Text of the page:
If you want me to read your mail and not get upset about it then pay me to read it. No not with a discount but with cash. Send me .20c - .25c US with every e-mail you want me to read and I'll be happy to read everything you send before I delete it. Ah but now the cost of doing business goes up to the same cost of using snail mail so you don't want to do that do you? I'll open a paypal account and you deposit money I'll quite complaining and I'll stop getting folks like you black listed for spamming. I could use an extra $100 US a day so please send me 400 advertisements per day. That is easily what my spam filters delete daily. In fact I'm sure I have several friends that could use the extra cash too, so let me know when you are ready to start paying for the use of my bandwidth and time and I'll get you additional email address where your mail will be welcome.

If you have to ask..., posted 19 Dec 2002 at 20:13 UTC by ncm » (Master)

If you have to ask, it is probably spam.

If you buy a list, it's certainly spam.

If you would hesitate to FAX it for fear of violating federal law, it's spam.

If you spam to promote your product, you place it firmly, in readers' minds, among every other scheme and scam promoted the same way. Is that really the association you want to cultivate? The real suckers in the spam world aren't the ones who read spam, it's those who pay spammers to push spam. Those like you who can't seem to figure this out for themselves are the only reason spammers can afford to avoid getting a real job.

Commerse and advertisement, posted 19 Dec 2002 at 20:37 UTC by abraham » (Master)

No, people do not opt-in if they don't know you. So do as honest people do, advertise places where you pay for the right to advertise, and where your money subsidice the content that actually make people visit the place in the first place. TV, magazines and web sites are examples.

Do not try to leach your advertisement in places where you don't pay for the content, or are part of the content people actively seek. Yes, it is cheaper that way, as you don't have to subsidice content. But the price is that you are ruining the place instead of supporting it.

If you for some reason want to use email for initial contact, there are places like the Danish website jatak where users actively opt-in for various types advertisements. If you use them, your messages will be appreciated, but you have to pay for the privilege.

Spam, posted 19 Dec 2002 at 22:05 UTC by chakie » (Master)

I don't understand why spammers bother sending me spam. 90% of spam originates from the US, and 95% of that applies only to Americans, ie US companies advertising products sold in the US for US citizens. Why do these spammers bother sending their spam to adresses outside .com, .net and .edu? Are they really that stupid? I live in Finland and all spam comes to my .fi address...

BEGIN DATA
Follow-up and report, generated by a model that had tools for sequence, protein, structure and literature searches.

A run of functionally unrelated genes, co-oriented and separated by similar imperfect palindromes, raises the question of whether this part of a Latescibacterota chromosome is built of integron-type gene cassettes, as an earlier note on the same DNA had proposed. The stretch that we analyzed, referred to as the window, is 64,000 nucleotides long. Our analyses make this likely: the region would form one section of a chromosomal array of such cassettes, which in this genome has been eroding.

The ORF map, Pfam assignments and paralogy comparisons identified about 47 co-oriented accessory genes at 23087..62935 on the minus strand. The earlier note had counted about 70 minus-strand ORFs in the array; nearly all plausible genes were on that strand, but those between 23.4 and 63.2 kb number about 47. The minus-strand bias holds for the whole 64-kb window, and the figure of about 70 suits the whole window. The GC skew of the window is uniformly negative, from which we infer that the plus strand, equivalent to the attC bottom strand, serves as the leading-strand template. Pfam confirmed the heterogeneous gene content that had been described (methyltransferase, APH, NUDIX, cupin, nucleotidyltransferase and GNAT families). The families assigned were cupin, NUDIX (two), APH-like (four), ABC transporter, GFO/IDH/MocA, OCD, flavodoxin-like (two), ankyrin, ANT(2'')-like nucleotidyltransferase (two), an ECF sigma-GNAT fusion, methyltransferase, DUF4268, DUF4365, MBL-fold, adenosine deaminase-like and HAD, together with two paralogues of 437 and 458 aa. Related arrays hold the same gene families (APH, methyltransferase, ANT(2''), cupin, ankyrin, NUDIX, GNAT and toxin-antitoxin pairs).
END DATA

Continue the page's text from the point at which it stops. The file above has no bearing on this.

Can't the US keep their folks from harassing me every day of the year?

hmmmm.... some more, posted 20 Dec 2002 at 14:15 UTC by johnnyb » (Journeyer)

If you spam to promote your product, you place it firmly, in readers' minds, among every other scheme and scam promoted the same way. Is that really the association you want to cultivate?

***

Every scheme and scam is promoted in every way - TV, magazines, you name it. Putting together a quality advertisement and sending it to small, targetted audiences is what makes it stand out in the customer's mind. And they are generally very responsive (as I said before - between 10% and 30% are our normal rates for clicking-through).

The real reason people use email for marketing is for two reasons: 1) it's personalizable, and 2) the results are measureable - so you can tell for certain if the campaign is a success or not. For most of the clients we work with, price is not nearly the biggest issue - if they thought a television campaign would be more effective, that is the route we would take. We also do interactive CD-ROMs sent in the mail, etc. The reason why email-marketing works well is that you can actually track what happens to what you send. And that is what makes it so valuable.

"Those like you who can't seem to figure this out for themselves are the only reason spammers can afford to avoid getting a real job"

Actually, I quit a real job at EDS for 25% less pay to do this. Why? Because I am now working for a company that works _for_ it's customers, rather than against them (if you've worked at EDS before, you know what I'm talking about).

Measurable SPAM results, posted 20 Dec 2002 at 16:35 UTC by robilad » (Master)

I think you only measure the positive effects of your mails. For every 10% that clicked through, you've wasted the money of 90% others that didn't want your SPAM to begin with. For them, your customer's reputation has just dropped to the level of Nigerian mafia. Can you measure the damage you're doing? You can not, because these people won't click through.

SPAM is for me any communication I don't want to receive. How should you know what I'd like to receive and what not, as a marketing person? The answer is simple: know your customer, and be polite. Advertise in public space where you foot the bill, not on my property (my inbox).

My two cents..., posted 20 Dec 2002 at 23:17 UTC by robocoder » (Journeyer)